– Use one guitar or one piano (avoid the temptation to add more!) 
– Use one vocal microphone
– Choose simple songs and keys that sing easy
– Utilize Diamonds (instrumental whole  or half notes on the chord changes) to invite voices of the congregation to rise in place of the instrument 
– Sing A Capella several times through the songs, enjoy the voices 
– Minimize vamp time (the non-vocal parts) of the arrangement, especially in the beginning. Start with singing when it makes sense
– Try tuning your guitar down one full step for more low end response
– Mix in slight reverb and delay to the vocal to add depth, maybe a little more than normal
– EQ your Instrument with more low end than normal, making sure the subwoofers trigger sound
– Encourage your musicians to take the front seats and lead with clapping and singing
– Play “fast” songs with just as much, if not more energy and rhythmic vigor
– Encourage the congregation to be the band. Clap, shout and sing! Let’s do this together!


My name is Mike O’Brien and I am passionate about teaching and mentoring through music. My calling is to use my experience as producer, worship leader, songwriter, and multi-instrumentalist to come alongside musicians, helping them more fully worship God with their instrument and lives. Find out more how I can help your worship leaders and teams HERE.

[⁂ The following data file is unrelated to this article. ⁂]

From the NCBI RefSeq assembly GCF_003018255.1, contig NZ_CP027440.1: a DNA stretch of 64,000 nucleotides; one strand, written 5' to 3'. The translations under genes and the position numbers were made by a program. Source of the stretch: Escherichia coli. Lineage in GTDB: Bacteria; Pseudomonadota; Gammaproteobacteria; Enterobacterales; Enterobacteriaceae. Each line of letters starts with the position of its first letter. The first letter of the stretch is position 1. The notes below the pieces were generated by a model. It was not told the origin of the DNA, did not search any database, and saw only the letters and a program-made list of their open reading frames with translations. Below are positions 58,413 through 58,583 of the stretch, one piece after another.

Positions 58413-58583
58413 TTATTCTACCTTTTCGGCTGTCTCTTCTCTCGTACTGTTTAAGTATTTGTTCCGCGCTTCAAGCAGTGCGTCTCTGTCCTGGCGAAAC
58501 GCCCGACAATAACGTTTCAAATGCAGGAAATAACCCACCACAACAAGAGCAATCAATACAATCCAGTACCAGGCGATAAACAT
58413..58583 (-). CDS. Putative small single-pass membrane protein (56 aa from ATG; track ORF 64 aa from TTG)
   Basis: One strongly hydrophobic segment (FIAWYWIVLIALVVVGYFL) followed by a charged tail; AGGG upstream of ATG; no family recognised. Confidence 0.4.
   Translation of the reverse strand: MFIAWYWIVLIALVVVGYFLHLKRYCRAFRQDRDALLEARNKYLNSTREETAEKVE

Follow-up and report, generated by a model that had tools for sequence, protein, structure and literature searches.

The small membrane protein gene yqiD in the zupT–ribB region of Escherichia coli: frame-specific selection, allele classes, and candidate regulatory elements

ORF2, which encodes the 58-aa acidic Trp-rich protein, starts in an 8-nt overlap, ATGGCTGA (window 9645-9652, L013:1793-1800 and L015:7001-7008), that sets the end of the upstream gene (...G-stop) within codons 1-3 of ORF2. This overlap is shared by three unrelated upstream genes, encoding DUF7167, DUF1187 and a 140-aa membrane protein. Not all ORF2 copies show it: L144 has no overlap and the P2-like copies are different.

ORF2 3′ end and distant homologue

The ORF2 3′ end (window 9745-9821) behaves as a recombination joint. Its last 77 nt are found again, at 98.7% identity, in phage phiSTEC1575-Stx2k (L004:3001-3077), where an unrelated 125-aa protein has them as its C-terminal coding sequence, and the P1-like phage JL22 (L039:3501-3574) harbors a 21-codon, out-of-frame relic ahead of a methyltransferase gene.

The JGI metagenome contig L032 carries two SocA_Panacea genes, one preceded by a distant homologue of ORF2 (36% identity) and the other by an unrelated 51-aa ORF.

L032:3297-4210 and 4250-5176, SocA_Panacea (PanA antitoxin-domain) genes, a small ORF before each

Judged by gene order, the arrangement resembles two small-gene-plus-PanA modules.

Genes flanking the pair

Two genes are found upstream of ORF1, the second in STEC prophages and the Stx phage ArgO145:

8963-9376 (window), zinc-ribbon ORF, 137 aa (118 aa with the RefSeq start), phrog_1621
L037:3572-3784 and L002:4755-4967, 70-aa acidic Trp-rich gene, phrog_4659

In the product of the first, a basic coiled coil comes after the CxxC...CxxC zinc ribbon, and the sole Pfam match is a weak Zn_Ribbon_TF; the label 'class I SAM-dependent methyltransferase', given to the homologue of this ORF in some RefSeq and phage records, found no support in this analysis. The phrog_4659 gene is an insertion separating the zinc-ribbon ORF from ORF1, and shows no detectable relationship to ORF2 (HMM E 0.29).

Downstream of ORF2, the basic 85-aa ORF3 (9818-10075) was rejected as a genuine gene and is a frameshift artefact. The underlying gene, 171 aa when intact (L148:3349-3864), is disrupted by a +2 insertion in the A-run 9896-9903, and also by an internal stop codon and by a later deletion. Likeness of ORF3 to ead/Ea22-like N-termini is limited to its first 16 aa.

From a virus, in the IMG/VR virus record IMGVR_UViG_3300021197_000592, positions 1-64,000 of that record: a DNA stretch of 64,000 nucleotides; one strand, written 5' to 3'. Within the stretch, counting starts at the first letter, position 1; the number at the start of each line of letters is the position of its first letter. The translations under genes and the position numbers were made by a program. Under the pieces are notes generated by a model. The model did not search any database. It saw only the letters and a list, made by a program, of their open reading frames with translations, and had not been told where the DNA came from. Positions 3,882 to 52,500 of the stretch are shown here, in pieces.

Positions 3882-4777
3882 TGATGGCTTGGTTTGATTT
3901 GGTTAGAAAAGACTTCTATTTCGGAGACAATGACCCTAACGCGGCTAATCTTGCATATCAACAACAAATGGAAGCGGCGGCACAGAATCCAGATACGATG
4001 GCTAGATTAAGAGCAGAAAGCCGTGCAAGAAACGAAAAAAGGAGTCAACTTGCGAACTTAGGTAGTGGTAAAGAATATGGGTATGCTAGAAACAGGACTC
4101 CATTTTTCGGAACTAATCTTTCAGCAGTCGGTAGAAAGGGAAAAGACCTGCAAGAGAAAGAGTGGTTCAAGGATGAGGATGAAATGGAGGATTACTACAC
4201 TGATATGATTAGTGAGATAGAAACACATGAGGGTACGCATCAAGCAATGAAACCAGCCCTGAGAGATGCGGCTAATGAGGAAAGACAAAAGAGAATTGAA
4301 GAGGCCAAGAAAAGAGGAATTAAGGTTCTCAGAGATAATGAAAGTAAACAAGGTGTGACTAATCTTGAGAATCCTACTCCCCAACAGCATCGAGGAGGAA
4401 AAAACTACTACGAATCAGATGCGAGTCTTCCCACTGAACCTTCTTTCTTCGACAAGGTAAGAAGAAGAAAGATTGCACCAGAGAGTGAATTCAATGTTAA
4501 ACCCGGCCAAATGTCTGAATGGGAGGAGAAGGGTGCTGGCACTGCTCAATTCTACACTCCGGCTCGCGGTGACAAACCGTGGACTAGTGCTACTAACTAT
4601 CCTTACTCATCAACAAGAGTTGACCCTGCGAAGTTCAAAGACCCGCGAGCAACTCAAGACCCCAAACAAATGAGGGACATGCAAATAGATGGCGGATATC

Please note: I reserve the right to delete comments that are offensive or off-topic.

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3 thoughts on “Fire Your Worship Team

  1. Hi Mike,
    Amen, your heart follows Christ heart to rise up people to serve, BUT LOVE them as you love yourself. Im a Technical Director at 37 years. God is good, and those in our trust MUST see christ through us. Thank you for this great overview…
    As I wind down, as God has other plans for me, diagnosed now with Alzheimers. (All those darn electronics !)lol.

    “Serve and Finish Strong”
    – Joe Cichon

  2. Great article, Mike. I have to admit some of the terminology went over my head e.g. CCLI but it definitely makes sense. For about 5 or 6 years, I had to lead alone at church with no instrument. Singing acapella is/was necessary. I use tracks now but singing acapella is not a stranger to the African American church. I grew up in a Baptist church. We had instrumentation but there were certain songs that just did not need music. One in particular is Ride on King Jesus. Now as I write this, I’m reminded of a few others. These songs had a strong impact. I’m even challenged sometimes to get off of the pulpit and lead while in the midst of the congregation. That does something as well.

    I now don’t remember the point of my comment but I don’t want to erase or reread. Good job writing.